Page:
Charlotte Farmer says learning from failure, finding trusted advisers, and knowing when to “pivot” have been keys to her success.
Farmer, who received her master’s degree in chemical engineering from Tickle College of Engineering in 1996, is senior vice president and chief operating officer of UL Research Institutes (ULRI), a nonprofit research organization dedicated to advancing public safety through rigorous safety science research into selected global risks.
“Everything we do helps to democratize ingenuity,” she said. “It stretches scientific discovery for safety science. And everything we learn, we give away to establish standards for the safety of products at home, work, school, etc.”
She is most proud of establishing a global impact strategy focused on resilience in sustainability, individual and societal health, and safety at the human-digital interface.
Farmer’s path to the pinnacle of her career hasn’t been easy.
She worked hard to juggle schoolwork, part-time jobs, and community service with motherhood. With scholarships and money earned by working as a seamstress, she completed her bachelor’s degree in chemical engineering at Tennessee Technological University.
After graduating, Farmer spent seven years working at Eastman Kodak and another seven years at the company when it became Eastman Chemical.
When Farmer encountered obstacles—such as watching colleagues get promoted while she wasn’t offered the same opportunities—focused on being more proactive in her own success. She conferred with company executives, and she created a professional development program “to help level the playing field” for herself and others.
In time, with Eastman’s support, she earned her master’s degree at the University of Tennessee. She then completed an MBA from the University of North Carolina Kenan-Flagler Business School at Chapel Hill via the competitive Consortium for Graduate Study in Management Fellowship. She went on to earn her doctorate in systems engineering from George Washington University in Washington, D.C.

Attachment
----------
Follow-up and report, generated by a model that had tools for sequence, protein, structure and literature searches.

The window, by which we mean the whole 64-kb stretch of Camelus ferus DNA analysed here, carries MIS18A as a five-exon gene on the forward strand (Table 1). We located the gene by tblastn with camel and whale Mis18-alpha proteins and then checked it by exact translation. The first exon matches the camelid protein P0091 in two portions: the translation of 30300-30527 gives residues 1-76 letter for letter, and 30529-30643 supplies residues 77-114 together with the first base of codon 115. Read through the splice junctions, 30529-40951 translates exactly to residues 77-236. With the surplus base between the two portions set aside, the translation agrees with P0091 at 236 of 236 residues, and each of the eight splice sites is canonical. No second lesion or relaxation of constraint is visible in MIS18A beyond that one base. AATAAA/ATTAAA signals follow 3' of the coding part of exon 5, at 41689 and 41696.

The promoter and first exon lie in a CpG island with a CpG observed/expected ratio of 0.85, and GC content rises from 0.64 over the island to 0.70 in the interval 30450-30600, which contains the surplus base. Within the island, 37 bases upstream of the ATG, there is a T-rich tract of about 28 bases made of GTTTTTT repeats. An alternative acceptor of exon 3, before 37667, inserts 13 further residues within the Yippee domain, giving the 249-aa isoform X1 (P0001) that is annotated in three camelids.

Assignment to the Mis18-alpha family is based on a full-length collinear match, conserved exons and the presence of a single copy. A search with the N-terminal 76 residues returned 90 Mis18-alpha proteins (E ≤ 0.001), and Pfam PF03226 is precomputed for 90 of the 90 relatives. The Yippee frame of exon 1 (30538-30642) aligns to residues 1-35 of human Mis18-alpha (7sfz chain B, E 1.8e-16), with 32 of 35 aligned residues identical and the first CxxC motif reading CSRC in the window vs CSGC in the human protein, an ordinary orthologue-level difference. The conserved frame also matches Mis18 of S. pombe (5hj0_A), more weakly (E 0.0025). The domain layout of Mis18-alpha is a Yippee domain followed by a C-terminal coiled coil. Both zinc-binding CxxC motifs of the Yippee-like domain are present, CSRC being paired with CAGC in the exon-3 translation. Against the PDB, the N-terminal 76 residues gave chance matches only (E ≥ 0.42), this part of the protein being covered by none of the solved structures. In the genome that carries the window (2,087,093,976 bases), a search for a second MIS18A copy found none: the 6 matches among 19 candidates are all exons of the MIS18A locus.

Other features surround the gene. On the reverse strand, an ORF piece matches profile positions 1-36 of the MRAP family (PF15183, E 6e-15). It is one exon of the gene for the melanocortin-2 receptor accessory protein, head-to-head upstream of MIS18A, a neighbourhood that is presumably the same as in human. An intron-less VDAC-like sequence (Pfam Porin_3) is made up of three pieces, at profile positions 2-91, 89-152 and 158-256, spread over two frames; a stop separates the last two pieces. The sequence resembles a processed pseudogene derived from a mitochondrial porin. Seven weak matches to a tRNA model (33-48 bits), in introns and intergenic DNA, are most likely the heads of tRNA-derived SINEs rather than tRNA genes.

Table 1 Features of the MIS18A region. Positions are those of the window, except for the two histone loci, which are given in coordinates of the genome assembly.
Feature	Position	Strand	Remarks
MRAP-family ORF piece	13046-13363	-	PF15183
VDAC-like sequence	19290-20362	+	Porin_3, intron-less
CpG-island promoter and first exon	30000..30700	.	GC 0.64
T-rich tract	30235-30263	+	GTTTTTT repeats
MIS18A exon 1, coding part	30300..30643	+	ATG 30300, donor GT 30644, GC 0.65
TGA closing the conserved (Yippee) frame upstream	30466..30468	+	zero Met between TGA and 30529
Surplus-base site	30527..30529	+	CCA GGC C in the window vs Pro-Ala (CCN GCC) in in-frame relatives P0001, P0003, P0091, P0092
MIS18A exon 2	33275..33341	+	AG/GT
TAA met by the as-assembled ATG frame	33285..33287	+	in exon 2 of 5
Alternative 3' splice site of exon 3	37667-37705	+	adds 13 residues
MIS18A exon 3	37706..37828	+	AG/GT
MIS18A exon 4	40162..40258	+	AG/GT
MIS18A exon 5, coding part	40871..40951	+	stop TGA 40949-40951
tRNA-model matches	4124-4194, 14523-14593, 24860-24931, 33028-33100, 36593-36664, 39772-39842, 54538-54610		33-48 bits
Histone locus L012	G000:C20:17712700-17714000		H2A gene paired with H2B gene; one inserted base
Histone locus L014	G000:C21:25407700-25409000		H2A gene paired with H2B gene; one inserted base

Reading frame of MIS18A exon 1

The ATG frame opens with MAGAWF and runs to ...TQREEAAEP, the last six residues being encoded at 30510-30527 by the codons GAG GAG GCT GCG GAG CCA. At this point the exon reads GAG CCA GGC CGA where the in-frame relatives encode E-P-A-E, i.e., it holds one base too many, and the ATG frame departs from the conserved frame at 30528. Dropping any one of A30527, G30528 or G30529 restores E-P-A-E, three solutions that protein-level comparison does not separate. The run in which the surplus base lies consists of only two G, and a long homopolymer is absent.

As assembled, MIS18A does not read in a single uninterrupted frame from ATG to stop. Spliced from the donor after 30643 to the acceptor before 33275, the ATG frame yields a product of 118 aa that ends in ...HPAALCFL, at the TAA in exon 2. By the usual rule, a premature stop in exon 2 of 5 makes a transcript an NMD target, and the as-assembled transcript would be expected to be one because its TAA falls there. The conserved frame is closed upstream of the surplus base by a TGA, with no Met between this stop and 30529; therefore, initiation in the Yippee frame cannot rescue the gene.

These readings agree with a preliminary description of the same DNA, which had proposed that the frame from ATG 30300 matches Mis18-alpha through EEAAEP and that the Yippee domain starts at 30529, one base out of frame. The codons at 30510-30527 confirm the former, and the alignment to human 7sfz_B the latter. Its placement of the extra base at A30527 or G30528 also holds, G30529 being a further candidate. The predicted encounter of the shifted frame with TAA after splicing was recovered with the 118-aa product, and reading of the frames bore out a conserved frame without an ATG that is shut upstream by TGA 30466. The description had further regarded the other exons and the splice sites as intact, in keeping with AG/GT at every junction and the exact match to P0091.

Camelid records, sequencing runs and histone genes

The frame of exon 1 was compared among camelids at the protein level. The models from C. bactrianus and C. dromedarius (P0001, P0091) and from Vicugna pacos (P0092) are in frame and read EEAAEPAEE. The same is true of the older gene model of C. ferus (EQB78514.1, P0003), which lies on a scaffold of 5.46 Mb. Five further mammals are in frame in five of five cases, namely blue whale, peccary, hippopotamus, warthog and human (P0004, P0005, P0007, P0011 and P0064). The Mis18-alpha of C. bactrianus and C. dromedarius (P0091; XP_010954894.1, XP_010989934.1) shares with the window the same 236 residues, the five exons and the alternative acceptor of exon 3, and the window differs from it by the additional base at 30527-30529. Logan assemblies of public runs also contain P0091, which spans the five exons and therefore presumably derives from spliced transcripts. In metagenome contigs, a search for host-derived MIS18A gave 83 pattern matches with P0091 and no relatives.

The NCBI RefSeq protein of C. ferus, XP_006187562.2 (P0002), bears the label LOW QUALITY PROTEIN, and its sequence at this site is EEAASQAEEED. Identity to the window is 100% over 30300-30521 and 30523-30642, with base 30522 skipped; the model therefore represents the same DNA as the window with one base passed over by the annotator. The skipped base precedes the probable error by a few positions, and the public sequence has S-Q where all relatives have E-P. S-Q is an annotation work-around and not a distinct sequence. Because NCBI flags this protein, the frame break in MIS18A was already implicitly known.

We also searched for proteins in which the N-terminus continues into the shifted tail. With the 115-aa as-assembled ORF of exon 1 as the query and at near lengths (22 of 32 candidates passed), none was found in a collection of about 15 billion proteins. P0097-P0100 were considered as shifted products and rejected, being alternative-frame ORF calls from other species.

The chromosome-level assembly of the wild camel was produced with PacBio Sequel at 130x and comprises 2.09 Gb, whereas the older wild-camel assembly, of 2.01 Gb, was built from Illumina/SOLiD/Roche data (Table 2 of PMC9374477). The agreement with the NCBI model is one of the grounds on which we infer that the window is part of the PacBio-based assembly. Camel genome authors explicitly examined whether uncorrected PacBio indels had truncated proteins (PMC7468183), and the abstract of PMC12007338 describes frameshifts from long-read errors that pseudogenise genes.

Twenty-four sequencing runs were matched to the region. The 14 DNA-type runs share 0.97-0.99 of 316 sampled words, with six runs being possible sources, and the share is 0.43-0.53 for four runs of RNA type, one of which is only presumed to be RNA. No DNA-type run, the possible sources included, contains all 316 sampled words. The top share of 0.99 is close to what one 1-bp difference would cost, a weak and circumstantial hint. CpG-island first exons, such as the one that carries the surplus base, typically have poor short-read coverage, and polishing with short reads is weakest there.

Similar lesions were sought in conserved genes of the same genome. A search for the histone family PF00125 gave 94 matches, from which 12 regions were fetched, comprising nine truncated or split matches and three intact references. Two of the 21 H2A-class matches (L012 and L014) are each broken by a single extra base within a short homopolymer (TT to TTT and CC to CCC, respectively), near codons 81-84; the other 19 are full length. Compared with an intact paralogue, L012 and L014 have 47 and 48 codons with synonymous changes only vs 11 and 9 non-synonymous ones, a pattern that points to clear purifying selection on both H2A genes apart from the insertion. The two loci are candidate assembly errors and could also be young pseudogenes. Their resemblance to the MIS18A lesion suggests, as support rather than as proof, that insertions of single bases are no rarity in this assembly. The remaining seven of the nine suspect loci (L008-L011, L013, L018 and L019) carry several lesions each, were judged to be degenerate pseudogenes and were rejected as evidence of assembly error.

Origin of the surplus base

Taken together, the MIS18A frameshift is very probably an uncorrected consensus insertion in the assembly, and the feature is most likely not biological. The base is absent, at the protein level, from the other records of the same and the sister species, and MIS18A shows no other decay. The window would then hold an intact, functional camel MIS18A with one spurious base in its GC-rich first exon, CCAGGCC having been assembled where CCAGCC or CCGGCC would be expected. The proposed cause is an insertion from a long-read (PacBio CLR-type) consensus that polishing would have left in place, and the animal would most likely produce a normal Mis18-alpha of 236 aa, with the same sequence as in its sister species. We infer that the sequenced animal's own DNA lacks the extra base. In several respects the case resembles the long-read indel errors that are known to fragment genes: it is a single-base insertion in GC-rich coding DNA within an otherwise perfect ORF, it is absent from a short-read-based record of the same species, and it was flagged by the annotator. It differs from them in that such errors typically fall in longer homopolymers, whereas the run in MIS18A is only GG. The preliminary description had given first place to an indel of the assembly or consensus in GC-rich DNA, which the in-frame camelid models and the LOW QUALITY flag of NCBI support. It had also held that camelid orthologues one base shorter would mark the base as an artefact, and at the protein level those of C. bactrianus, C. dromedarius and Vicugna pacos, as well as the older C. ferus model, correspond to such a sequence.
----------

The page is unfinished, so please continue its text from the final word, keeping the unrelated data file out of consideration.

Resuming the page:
Before joining ULRI, Farmer spent 10 years working at Booz Allen Hamilton and almost 11 years at The MITRE Corporation.
Along the way, Farmer found mentors and trusted people—her personal “board of directors”—who “provided tough love to illuminate my blind spots” on matters regarding her professional, intellectual, financial, physical, and social/spiritual growth.
“You’ve got to be agile and reassess where you are at any given time,” she said. “You’ve got to step back and determine if your current condition will enable you to accomplish your desired goals.”
If not, she says, “you’ve got to pivot.”
Farmer was listed as one of Savoy magazine’s 2020 Most Influential Black Executives in Corporate America. She was named a 2021 Paul Harris Fellow by Rotary International. And she was a 2023 inductee into the Black Engineer of the Year Hall of Fame.
Farmer has three grown sons. Her oldest, G. James Farmer (Chemical Engineering, BS ’04), is a strategy consultant in Washington, D.C. Her middle son, Derel, is a communications director; and her youngest; Taylor, is an officer in the U.S. Army.
She considers her husband, Derek Farmer, who passed away in August 2023, her “guardian angel.”
In her free time, to offset the “intensity and seriousness” of her work, Farmer enjoys watching comedies that incorporate positive life lessons. Her current go-to: Ted Lasso.
“I consider myself a lifelong learner,” she said. “I recently told an audience that I have never failed a day in my life. Even when there’s a perceived failure, I’m learning. And if I’m learning, I’m not failing.”